practicing logic games

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practicing logic games

Postby orzo » Thu Feb 23, 2017 5:03 pm

Forgive me, if this has been rehashed, but I don't go on here much.. I am wondering how to manage practicing with logic games. I purchased all the logic games a long time ago, and I have them grouped by type in/out etc. according to 7sage. If i am having trouble with how do I manage to keep repeating games that i have trouble with while going through all of them. There are quite a few games and I am wondering how many times should I repeat each one I have trouble with. I don't know how to manage all of them. granted, i am only doing the ones that 7sage has by group in the section bank of the website.. any tips?

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Re: practicing logic games

Postby 180pedia » Thu Feb 23, 2017 6:22 pm

If going for -0, repeat a game as much as necessary until you get it in -0 at under or near their recommended time. Personally, I did some games way faster, and others way slower. The ~5 minute games, if first sequencing, usually take me 2-3 minutes and some grouping ones take far less or longer depending if I catch the main inference. For games, I'd try the following early on in your studying...

#1) Do the game as if you were taking a test... go for accuracy but be mindful of time. If a question takes too long, skip it and note your time... see if you can work through it.
#2) Repeat the game untimed and try to force out as much knowledge as you can out of it (look for answers that just don't work *logically* - not because you tested them - and try to notice repeat questions or questions that hinge on the same inference... I'm mainly recommending this, because I think it is this approach that helps a lot on weird games)
#3) Watch 7Sage and see what you missed.

Ultimately, there is immense benefit to repeating games. There are only so many ways to word a sequencing game, and, after doing enough of them, you may think you've done a game before because it is so similar.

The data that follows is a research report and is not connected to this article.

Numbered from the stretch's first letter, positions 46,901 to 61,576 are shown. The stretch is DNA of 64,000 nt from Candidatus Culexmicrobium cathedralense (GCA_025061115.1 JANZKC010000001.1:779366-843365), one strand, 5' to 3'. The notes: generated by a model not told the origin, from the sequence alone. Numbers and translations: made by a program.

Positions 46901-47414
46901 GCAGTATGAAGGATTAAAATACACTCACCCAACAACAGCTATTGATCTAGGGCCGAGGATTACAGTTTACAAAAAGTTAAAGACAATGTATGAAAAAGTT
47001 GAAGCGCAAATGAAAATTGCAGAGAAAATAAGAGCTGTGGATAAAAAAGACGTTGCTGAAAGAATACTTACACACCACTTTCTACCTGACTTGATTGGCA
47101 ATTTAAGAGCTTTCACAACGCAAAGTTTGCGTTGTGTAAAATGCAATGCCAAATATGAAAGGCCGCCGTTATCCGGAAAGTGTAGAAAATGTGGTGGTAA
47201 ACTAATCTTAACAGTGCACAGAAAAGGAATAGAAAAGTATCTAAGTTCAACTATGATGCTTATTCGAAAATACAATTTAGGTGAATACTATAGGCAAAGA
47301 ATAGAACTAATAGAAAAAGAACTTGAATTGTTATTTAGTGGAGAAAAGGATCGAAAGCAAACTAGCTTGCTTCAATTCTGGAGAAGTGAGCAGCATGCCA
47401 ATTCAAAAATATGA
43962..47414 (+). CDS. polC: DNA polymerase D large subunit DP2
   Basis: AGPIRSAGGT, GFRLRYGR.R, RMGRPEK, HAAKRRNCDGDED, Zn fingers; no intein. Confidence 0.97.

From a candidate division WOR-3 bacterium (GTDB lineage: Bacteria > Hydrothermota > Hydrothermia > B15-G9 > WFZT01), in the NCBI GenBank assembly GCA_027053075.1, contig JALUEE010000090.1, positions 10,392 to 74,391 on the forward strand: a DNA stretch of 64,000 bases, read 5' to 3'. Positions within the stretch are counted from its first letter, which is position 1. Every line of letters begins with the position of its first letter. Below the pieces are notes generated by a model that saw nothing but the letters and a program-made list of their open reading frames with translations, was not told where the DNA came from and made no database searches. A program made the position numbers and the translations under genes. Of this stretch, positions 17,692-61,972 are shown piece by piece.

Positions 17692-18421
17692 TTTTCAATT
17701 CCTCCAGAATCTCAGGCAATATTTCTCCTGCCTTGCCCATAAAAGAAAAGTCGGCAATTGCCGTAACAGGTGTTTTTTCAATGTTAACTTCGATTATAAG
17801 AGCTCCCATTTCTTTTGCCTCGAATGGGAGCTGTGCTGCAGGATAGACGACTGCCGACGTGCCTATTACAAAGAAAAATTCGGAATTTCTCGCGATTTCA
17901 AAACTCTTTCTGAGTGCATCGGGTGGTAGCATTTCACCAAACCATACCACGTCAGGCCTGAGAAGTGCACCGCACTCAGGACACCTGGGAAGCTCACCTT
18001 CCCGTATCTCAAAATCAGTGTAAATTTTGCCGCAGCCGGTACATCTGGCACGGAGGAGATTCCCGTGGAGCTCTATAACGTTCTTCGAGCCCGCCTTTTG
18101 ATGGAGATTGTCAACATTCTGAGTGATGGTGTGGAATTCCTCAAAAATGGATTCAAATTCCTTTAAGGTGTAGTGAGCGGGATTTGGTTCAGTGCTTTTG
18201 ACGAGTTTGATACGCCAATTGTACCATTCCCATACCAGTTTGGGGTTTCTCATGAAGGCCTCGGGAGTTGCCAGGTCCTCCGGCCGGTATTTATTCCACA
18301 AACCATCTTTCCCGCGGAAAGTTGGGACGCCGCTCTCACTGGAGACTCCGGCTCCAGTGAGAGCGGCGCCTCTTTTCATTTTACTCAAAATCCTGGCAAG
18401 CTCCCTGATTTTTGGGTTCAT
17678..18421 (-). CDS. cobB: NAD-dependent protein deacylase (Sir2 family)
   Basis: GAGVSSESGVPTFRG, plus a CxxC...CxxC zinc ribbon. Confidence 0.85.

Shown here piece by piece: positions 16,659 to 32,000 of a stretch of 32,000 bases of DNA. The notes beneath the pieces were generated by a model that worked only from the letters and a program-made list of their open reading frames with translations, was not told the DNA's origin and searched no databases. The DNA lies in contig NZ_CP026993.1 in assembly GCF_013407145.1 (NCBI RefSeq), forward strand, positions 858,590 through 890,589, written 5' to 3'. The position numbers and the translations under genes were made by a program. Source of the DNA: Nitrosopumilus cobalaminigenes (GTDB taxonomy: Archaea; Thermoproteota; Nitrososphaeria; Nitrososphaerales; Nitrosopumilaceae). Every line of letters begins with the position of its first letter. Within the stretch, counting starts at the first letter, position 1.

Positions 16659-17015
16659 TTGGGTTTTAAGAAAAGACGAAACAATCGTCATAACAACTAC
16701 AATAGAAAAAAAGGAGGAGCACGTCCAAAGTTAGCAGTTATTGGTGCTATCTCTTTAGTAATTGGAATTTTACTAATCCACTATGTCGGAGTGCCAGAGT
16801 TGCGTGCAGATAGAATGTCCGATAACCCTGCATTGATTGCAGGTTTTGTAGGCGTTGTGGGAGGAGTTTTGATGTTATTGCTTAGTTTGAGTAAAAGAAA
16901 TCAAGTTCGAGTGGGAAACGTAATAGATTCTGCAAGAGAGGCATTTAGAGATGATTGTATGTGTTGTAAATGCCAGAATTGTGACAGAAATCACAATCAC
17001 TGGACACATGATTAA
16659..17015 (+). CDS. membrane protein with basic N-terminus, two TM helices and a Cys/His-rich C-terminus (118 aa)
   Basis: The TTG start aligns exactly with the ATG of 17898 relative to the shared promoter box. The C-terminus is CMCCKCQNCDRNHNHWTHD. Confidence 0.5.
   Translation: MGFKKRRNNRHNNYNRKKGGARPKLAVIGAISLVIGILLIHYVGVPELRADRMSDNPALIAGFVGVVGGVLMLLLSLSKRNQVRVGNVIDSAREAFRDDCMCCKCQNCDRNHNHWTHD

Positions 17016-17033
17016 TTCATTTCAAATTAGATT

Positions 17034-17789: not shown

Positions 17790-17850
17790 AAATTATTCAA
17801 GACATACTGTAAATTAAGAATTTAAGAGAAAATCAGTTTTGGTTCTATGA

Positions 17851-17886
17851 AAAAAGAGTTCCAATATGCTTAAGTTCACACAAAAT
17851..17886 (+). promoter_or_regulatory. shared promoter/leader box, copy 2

So, use 7Sage. It's awesome. I'm working on my own games explanations (have to repost due to a recent rebuild) where I try to focus on mentioning when I perceive a question to be remarkably similar to a previous one, a recurring inference has occurred that is common on games, or answers can be eliminated because they logically just don't make sense (i.e. forces another answer to be true or is logically equivalent to another answer a good example of this is PT 13 Game 4 Q#22 ... -1-game-4/ I'm 99% sure what I wrote there is true)... 7Sage does a great job, but I think they have, occasionally, missed some big inferences... I can't speak to the videos that are part of the course where maybe they cover some of the stuff I try to touch on.

To make myself take care of it, I'll post my solutions to 3, 7, 9, 10, 11, 12, 13, 14, 15, 16, and 52 in the next 48 hours rather than waiting on resolving a minor server bug. A few of them are up already at

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Re: practicing logic games

Postby MediocreAtBest » Thu Feb 23, 2017 8:39 pm

I'd say repeat games until you have nothing else to learn from them. Make sure your diagramming and inferences are good and it should be a breeze, I find the logic games to be the easiest section that someone can go -0 on. Speed should come with practice, and I find the time to be the biggest obstacle on LG, especially if your diagramming isn't the best.

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Re: practicing logic games

Postby Platopus » Thu Feb 23, 2017 11:45 pm

I think it really comes down to why some games are giving you a harder time than others. I usually do a section of games, and if I miss more than 2 questions per game, I put it aside to do again. Similarly, if I get all the questions correct, but still blow it on time, I put it aside to do again. Focus your energy on redoing games where you miss a big inference. While it's ideal to review all games until you can do them quickly and with 100% accuracy, if you're on a short time study schedule, you won't have time to get through them all.

After setting aside the games you miss, take a week or two before doing them again. I don't see the value in immediately re-doing games you missed. Maybe you'll even find that after taking a couple of weeks off and doing some similar game types in the interim, when you come back to the games you struggled with the inferences start becoming more obvious and the answers become easier. After a while, you should be able to identify things such as logically similar answer choices where variables are interchangeable. Once you get to that point, it's just a matter of practice until timing is no longer an issue.

With that said, if you're still missing questions because you incorrectly diagrammed a conditional rule, for example, then back off timed-sections and focus on proper diagramming.

Best of luck!

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